Moreover, cloud centers do burn down occasionally, look at the OVH data center fire, for example, which left many businesses without a backup because they thought their data in the cloud is somehow “automagically” backed up and protected. The OVH CEO explained to them that things weren’t exactly as they had assumed….

Advantage #3: You Don’t Have to Buy Storage or Infrastructure

A corporate insider told me how painful and long-winded obtaining infrastructure for a big corporation can be. “It’s much easier to put it on the credit card and pay for Amazon services”, she said. This means in simple words that some corporations give priority to spending cash on rental services to Amazon, and penalize buying infrastructure internally by delaying purchase requests unreasonably. In many cases, this is more of an example of bad management rather than an advantage of cloud backup storage.

It’s true that if you had a tiny website to run, it’s cheaper and easier and faster to rent a tiny virtual machine on Amazon or wherever and host it there. No need to provide expensive hardware that needs to run 24 hours a day and worry about internet connectivity and so on. However, these are a small portion of Amazon’s customers. Big corporations usually have a lot of data to work with and they need to work with that data for a long time.

So is it perhaps just short term thinking rather than careful long-term planning? I believe so. Especially larger corporations would be better off running their in-house infrastructure because they are dealing with a lot of data, which also requires a lot of bandwidth to go in and out of the cloud, which again includes hidden fees if done in a third-party cloud.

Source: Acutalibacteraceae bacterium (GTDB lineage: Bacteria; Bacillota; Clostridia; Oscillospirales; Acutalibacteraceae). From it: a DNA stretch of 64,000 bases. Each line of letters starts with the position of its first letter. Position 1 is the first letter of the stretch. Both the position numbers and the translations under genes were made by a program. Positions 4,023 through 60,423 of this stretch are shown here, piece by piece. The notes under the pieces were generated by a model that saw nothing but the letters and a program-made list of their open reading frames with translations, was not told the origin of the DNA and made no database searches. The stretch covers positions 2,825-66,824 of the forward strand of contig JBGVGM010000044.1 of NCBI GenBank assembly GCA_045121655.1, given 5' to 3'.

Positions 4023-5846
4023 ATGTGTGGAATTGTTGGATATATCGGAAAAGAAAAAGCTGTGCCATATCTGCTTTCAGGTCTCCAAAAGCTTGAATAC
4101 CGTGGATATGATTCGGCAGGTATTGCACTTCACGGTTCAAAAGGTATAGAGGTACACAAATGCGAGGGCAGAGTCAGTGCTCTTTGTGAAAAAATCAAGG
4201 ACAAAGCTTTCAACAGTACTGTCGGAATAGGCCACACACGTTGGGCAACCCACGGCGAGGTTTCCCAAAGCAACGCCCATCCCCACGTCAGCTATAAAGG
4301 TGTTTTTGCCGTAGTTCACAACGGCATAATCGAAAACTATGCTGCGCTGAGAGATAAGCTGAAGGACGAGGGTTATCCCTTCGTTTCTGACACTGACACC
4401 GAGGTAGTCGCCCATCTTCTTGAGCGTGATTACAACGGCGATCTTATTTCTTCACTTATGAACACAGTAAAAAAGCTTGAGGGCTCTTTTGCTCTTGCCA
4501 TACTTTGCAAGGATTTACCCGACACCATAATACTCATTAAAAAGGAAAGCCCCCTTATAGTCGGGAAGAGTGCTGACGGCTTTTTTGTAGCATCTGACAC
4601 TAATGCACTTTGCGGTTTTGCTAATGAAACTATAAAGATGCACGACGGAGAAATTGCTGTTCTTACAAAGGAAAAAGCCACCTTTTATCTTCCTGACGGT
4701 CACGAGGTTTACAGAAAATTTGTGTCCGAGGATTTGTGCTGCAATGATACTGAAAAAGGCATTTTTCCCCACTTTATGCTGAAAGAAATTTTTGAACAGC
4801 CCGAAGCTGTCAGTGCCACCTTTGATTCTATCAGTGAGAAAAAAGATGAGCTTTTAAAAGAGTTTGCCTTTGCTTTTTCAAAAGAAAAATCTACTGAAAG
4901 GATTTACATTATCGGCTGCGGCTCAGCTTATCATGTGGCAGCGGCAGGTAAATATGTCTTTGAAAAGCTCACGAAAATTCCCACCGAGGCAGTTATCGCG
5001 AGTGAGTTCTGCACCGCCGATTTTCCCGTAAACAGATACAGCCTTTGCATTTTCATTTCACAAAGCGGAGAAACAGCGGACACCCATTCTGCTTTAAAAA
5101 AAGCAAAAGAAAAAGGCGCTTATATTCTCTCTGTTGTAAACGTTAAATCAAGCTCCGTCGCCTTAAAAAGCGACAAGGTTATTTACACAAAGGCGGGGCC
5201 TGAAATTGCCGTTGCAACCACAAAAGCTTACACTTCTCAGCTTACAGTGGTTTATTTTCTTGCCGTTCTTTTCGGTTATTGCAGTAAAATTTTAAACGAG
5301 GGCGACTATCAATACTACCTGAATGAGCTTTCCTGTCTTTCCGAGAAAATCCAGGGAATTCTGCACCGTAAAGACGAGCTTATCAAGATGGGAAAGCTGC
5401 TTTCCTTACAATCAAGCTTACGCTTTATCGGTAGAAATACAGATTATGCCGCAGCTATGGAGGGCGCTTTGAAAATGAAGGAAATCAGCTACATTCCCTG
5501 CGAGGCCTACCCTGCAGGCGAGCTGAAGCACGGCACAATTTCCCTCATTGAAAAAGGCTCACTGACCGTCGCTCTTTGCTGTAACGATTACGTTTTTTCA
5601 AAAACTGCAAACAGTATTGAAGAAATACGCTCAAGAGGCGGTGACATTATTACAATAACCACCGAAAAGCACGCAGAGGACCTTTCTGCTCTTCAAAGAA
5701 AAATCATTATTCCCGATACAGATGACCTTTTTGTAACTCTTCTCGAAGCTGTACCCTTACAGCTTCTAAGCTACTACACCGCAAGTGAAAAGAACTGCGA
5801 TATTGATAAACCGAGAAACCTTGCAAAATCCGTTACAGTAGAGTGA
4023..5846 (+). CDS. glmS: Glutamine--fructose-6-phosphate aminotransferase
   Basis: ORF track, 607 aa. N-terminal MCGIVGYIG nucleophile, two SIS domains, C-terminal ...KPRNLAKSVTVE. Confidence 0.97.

Perhaps what larger corporation need is an in-house, private cloud, which offers the same benefits as Microsoft’s or Amazon’s cloud, but is totally owned and on-premises. I personally think this is the most likely scenario for the future because all infrastructure costs are going down over time: hard drives, CPUs, internet fees, etc. It’s becoming more and more feasible to run your own private cloud because the costs involved are coming down over time. Before you know it, a clever company will come around and provide a simple and secure solution to set up your own private cloud, but in-house, providing the same flexibility benefits within your own offices. And Microsoft and Amazon will be losing a lot of big corporate customers. Is this an accurate prediction or a naive fantasy? Time will tell.

And that’s how cloud backup advantage #3 is also a disadvantage: while it’s true that you don’t have to buy infrastructure, in many use cases this is actually a bad choice in the long-term. Owning most often pays off better than renting. The best example is the real estate market, but naturally it all depends on the exact circumstances.

Advantage #4: You Don’t Have to Be An Expert to Protect Your Data Well

They make it sound easy. Put your backups in the cloud and stop worrying, and start living…, I mean working. To a certain degree that is true. Picture the situation where a very old person, who is let’s say technically challenged, needs to protect documents from local risks, like the ones outlined above. It’s better than nothing to send the documents to the cloud. However, such a person wouldn’t fully grasp the ramifications of making this choice, at least not without an in-depth consultation with an industry expert. Sending data to the cloud may expose the customer to privacy risks as well as security risks. Yes, the cloud offers protection against local fires and natural disasters, for example, but the choice to store your data elsewhere has other potential repercussions.